Unlike in many past elections, the major candidates have felt a political imperative to endorse some reform. Bradley's plan is the most radical: public financing of federal elections, a ban on soft money, and free TV air time for candidates during the final six weeks before an election. McCain, co-author of a bipartisan congressional reform package, favors an immediate end to soft money and restrictions on unreported "issue-advocacy" campaigns by various groups. Gore backs many of the same changes.
More interesting is the changing responses of the front-runners. When Bradley unveiled his plan at the National Press Club earlier this year, Gore's campaign chairman, Tony Coelho, blasted the proposal in general and the soft-money pledge in particular. Now, Gore has made the same pledge. "Even though Al Gore came to this position late, I'm glad he's there," Bradley said in Claremont.
LOOPHOLE CITY. Bush also is feeling the pressure. After resisting calls to restrict soft money for months, Bush issued a statement after the McCain-Bradley joint event endorsing an end to soft money from labor unions and corporations, immediate public disclosure of contributions, and a requirement that unions get permission from individual members before using dues money for political causes. "Any plan to reduce the influence of special interest money in politics must be fair -- and no plan should benefit one political party over another," Bush said in his statement. "I support a ban on unlimited 'soft money' contributions from corporations and labor unions -- but the proposal by Senators McCain and Bradley has a huge loophole that benefits Democrats and would hurt the Republican Party and our conservative principles."
Loopholes? Look no farther than Bush's new proposal. It would allow wealthy individuals to continue writing million-dollar checks to the party of their choice. Organized labor would be muzzled, but not rich activists from the Right and Left.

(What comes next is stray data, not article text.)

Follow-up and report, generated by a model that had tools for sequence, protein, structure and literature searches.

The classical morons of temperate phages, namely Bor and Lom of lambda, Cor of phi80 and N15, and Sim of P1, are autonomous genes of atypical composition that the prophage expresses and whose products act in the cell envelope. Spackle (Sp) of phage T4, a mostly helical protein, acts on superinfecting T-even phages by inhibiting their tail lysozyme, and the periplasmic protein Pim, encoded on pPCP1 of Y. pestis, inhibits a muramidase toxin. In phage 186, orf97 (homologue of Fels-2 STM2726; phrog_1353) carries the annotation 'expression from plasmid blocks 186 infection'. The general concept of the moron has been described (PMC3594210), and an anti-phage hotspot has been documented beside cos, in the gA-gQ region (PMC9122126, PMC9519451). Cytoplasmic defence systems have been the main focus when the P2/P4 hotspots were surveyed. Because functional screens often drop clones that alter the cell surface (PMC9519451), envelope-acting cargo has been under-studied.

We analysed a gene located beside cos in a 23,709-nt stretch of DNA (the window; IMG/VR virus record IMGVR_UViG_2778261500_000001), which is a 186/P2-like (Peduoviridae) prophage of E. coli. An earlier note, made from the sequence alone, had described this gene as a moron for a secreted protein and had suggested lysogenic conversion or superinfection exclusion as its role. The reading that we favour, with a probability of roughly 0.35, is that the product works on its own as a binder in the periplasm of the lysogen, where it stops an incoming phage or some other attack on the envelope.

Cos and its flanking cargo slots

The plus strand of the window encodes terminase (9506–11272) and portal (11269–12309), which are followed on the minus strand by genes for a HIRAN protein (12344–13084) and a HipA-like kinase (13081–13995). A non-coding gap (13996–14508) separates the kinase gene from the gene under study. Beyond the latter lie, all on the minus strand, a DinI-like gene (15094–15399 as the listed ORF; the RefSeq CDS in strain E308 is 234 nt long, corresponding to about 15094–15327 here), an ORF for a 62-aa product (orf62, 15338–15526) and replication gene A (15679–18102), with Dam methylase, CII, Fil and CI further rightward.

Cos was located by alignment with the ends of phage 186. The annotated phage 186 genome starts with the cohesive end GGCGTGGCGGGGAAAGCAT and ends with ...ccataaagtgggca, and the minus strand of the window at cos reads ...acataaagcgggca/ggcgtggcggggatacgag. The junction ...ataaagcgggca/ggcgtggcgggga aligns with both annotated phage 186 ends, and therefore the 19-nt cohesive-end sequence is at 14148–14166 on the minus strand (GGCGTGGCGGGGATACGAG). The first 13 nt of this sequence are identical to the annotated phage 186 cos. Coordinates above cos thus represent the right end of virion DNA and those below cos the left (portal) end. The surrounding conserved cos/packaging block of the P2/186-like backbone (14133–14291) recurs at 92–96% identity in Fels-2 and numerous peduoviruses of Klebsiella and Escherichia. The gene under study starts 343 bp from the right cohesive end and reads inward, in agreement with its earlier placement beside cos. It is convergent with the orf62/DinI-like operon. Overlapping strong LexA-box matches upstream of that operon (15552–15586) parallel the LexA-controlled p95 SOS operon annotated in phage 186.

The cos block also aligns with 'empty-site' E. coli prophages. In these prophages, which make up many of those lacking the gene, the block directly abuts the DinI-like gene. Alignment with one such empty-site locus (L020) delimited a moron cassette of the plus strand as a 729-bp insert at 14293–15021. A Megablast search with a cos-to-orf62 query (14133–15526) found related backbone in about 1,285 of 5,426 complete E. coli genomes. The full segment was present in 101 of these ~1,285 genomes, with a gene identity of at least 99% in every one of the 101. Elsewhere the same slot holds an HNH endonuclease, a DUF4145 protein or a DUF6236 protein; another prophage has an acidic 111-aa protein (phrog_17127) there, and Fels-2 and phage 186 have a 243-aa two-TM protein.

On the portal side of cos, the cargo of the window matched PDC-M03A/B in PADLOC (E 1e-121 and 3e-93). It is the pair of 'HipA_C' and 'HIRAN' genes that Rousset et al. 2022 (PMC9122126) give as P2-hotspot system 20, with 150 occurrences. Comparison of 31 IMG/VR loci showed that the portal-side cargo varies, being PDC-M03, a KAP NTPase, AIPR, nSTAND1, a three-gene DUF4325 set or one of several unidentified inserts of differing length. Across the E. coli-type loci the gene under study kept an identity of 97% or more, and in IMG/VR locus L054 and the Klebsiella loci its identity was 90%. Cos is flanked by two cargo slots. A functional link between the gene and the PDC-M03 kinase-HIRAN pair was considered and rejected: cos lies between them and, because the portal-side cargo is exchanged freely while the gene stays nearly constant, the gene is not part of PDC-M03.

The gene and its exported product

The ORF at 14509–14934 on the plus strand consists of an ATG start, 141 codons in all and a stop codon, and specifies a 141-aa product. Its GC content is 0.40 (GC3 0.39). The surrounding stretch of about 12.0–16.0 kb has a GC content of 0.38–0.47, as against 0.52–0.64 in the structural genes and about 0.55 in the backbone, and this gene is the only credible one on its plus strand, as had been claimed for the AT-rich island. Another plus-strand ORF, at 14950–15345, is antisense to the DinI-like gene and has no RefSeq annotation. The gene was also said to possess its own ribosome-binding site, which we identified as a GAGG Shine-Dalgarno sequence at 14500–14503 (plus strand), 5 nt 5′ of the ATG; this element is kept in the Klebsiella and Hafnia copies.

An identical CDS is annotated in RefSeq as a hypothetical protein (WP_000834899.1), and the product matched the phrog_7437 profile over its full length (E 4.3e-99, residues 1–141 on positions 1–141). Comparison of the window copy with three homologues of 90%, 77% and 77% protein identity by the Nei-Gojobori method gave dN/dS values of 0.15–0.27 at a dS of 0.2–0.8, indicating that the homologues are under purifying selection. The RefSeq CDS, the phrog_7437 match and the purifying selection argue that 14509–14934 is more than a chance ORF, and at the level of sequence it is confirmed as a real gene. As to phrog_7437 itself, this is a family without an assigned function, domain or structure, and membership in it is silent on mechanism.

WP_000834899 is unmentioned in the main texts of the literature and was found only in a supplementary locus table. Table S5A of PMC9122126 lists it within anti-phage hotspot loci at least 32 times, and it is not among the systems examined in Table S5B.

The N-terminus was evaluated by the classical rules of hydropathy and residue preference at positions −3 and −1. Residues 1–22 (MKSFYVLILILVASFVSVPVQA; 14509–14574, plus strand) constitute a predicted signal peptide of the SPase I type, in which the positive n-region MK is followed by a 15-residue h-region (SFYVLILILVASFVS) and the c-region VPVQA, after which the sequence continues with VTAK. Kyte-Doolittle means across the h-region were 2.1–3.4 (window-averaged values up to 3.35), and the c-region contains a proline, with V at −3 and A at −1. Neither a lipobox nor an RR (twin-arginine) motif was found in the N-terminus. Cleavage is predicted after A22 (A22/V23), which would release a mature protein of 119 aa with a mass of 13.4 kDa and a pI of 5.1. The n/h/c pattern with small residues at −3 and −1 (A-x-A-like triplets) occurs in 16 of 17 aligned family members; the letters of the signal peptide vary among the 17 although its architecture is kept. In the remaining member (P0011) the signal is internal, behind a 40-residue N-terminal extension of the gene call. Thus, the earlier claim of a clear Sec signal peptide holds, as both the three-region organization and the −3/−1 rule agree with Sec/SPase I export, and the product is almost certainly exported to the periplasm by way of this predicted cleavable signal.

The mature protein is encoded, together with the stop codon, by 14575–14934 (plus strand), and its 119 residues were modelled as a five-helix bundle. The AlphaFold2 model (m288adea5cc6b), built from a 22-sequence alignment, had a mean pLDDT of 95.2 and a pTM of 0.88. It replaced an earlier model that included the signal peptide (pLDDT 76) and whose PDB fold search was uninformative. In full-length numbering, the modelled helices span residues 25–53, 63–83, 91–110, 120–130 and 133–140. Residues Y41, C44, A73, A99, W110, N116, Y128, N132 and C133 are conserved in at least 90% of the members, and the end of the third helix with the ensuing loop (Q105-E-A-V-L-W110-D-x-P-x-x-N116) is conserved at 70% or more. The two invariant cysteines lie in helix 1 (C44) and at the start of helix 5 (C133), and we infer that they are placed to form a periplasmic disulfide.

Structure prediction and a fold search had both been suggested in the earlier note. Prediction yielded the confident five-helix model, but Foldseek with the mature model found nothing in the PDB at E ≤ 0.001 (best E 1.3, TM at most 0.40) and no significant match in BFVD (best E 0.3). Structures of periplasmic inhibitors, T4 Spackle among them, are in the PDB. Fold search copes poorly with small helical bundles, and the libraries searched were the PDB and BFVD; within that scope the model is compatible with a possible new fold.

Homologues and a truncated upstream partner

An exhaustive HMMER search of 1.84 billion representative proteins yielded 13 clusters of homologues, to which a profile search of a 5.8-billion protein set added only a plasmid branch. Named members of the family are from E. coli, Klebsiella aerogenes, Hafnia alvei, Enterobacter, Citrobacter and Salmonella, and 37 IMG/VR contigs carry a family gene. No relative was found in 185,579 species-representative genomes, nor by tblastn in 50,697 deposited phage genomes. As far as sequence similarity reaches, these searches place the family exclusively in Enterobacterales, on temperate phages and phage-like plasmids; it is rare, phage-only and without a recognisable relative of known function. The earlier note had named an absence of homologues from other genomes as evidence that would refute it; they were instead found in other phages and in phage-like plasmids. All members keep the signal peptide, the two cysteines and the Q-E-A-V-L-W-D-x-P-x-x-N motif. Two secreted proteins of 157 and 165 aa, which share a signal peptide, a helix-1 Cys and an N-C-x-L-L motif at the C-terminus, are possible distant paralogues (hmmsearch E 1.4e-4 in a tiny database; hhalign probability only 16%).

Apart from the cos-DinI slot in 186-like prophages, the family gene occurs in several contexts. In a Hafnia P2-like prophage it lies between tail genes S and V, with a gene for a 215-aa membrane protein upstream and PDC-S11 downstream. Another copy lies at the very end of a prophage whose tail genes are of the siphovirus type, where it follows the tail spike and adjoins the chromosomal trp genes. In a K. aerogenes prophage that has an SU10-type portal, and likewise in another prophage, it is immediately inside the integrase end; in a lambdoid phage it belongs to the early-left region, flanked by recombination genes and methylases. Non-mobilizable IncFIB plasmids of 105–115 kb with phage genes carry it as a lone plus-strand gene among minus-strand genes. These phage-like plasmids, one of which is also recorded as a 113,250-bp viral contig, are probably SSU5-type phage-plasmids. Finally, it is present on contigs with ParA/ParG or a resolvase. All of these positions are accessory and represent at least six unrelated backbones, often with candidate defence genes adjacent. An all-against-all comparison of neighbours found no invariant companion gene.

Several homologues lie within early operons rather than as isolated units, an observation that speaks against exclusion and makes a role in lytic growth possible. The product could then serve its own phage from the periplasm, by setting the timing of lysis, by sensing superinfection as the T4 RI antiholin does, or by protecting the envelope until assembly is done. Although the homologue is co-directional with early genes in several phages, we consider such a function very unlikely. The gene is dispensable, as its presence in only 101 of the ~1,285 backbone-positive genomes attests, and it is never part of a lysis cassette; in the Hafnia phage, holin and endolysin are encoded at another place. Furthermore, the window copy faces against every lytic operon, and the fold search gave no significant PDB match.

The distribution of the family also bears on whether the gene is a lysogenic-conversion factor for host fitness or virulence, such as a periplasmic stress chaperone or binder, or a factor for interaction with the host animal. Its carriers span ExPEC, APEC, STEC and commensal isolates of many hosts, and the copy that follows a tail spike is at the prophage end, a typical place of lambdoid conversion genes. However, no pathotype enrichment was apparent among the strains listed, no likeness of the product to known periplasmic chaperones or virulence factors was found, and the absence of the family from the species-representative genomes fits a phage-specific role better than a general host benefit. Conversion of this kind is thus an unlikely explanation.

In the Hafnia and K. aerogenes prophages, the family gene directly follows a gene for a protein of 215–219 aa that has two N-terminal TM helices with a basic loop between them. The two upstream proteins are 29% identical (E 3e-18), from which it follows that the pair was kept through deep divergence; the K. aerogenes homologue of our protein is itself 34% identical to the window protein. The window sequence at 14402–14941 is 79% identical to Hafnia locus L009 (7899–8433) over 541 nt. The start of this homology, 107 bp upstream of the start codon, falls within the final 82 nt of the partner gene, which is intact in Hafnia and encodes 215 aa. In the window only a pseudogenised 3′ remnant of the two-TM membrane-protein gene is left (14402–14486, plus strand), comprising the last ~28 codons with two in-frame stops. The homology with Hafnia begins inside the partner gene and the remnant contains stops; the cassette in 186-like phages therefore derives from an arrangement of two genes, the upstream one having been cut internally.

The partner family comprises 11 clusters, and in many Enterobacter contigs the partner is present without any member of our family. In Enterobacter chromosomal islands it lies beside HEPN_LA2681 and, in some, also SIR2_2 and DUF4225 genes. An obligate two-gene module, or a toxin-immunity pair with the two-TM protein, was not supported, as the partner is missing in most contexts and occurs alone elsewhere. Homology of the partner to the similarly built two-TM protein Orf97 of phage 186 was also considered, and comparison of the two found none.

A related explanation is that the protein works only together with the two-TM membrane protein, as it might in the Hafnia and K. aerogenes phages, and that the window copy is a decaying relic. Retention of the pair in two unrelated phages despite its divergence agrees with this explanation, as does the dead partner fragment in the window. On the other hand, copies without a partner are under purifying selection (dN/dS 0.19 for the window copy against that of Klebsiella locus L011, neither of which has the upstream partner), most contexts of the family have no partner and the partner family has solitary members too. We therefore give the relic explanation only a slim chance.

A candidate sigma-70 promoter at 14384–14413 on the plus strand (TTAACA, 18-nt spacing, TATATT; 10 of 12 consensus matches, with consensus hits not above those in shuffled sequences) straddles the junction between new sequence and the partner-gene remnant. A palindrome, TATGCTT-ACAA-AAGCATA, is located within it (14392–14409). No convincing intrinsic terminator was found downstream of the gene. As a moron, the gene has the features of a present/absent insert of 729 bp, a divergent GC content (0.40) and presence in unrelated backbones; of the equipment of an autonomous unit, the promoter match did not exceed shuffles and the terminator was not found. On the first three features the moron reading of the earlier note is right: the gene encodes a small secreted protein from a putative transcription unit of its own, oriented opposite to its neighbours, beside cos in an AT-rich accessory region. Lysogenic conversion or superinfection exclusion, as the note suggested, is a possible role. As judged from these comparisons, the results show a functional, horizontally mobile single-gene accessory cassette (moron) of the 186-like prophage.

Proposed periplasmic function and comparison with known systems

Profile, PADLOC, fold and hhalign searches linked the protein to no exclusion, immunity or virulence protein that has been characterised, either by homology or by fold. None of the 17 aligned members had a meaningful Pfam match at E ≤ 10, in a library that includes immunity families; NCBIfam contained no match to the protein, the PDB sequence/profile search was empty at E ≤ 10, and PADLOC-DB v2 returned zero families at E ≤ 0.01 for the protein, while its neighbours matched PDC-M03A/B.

McCain promises to make fund-raising reform "a central theme" of his campaign. But he knows it's not a silver bullet. "I don't know how it's going to play," he concedes. Bradley, too, knows that voters won't embrace him simply because of his reform plan. And, he concedes, the issue won't get much of a boost from the media. "There's great skepticism on the part of the press," he says.
Skeptics think the current wave of reform talk will vanish like the Clinton-Gingrich mirage. But there's a big difference this time around. Even if the issue recedes eventually in the heat of the campaign, it has helped shape public perceptions of the major candidates. Already, McCain and Bradley have used it to bolster their images as outsiders and candidates of character. Gore has tried to grasp the issue to erase voters' memories of the Buddhist temple episode of '96. And Bush believes that, at a minimum, it's necessary to pay lip service to reform.
None of this means Congress will find it any easier to adopt sweeping campaign-finance reform in the future. But if Bradley or McCain somehow manages to win the nomination of their respective parties and win the White House, all bets against campaign-finance reform will be off. And that would be something to see.
Dunham, White House correspondent for Business Week, was at the Claremont event in New Hampshire on Dec. 16
EDITED BY DOUGLAS HARBRECHT